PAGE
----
There are no simple, objective measures which can be used to assess your AS
With conditions such as rheumatoid arthriitis (RA), rheumatologists rely a great deal on markers in the blood. These closely correlate to the symptoms people with RA experience. In AS, rheumatologists don't put too much emphasis on inflammatory markers in the blood as these often don't closely mirror symptoms. We know that in more than half of people with AS, inflammatory markers will be within the normal range, although these people may be experiencing a great deal of pain and stiffness.
So, your rheumatologist relies a great deal on you telling them how you feel. Try to be clear and accurate. The Talking AS tool can really help you describe your symptoms to your rheumatologist. If you try to do it monthly you will get a clear record of how your symptoms have been over time since your previous appointment.
There are a number of ways in which AS should be monitored by your rheumatology team
BASMI - A measure of spinal and hip movement. Scored out of 10. The higher your score, the more restricted you are due to your AS
BASDAI - A measure of disease activity. Scored out of 10. The higher your score, the more active your condition
BASFI - A measure of your functional activity (your ability to carry out everyday tasks). Scored out of 10. The higher your score, the more you are restricted
BAS-G - A measure of your coping ability. Scored out of 10. The higher your score, the greater the impact your AS is having on your ability to cope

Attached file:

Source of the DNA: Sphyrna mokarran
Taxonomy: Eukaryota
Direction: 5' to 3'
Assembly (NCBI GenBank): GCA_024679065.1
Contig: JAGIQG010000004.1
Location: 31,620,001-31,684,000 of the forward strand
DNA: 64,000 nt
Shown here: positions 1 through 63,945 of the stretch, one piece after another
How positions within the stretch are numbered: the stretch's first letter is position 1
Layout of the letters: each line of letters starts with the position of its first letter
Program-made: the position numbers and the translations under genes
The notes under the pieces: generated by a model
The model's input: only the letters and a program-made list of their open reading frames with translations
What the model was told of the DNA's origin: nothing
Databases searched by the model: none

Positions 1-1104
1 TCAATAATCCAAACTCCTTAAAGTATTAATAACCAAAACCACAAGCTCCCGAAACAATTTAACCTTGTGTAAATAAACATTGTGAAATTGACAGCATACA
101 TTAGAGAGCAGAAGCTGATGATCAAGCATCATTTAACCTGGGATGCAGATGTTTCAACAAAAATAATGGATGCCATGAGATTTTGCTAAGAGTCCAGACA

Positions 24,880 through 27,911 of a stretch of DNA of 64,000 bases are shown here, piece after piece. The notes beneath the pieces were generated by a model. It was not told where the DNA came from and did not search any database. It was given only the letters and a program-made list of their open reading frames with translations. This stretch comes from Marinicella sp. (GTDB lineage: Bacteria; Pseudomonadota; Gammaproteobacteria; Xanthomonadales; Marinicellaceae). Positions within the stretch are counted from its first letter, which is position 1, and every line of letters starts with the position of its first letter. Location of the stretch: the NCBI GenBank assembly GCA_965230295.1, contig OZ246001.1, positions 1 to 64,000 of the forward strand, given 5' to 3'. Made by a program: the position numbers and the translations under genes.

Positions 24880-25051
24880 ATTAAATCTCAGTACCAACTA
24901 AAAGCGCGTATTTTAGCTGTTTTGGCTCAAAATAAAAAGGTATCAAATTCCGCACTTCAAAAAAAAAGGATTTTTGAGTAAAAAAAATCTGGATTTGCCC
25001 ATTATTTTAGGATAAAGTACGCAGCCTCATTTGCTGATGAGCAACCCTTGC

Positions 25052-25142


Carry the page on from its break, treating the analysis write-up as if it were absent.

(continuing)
ASQOL - A measure of quality of life. Scored at of 18. The higher the score, the worse your quality of life is because of your AS
Work instability - A measure to assess your ability to remain at work and be productive at work. Scored out of 20. Scores higher than 12 means youmay need support to continue working
ESR and CRP - A measure of inflammation in the body (via blood tests) which can indicate your disease is more active
Additional measures used to assess you for anti TNF therapy
Modified New York Criteria
To meet the New York Criteria you need to have:
- Low back pain and stiffness for more than 3 months that improves with exercise but is not relieved by rest
- Limitation of motion of the lumbar spine in the sagittal and frontal planes
- Limitation of chest expansion relative to normal values correlated by age and sex
Additionally, the radiological (x-ray) criteria is:
- Sacroiliitis grade>2 bilaterally or grade 3-4 unilaterally
Visual Analogue Spinal Pain Score
You are shown a line of 10cm in length with the words 'No pain' on the left hand end of the line and 'Pain as bad as it could possibly be' at the other end and you are be asked to put a mark on the line which represents your level of pain at the current time.
If you are being assessed for anti TNF therapy your score would need to be higher than 4 on two occasions 3 months apart to fit the eligibility criteria.
Last reviewed: May 2015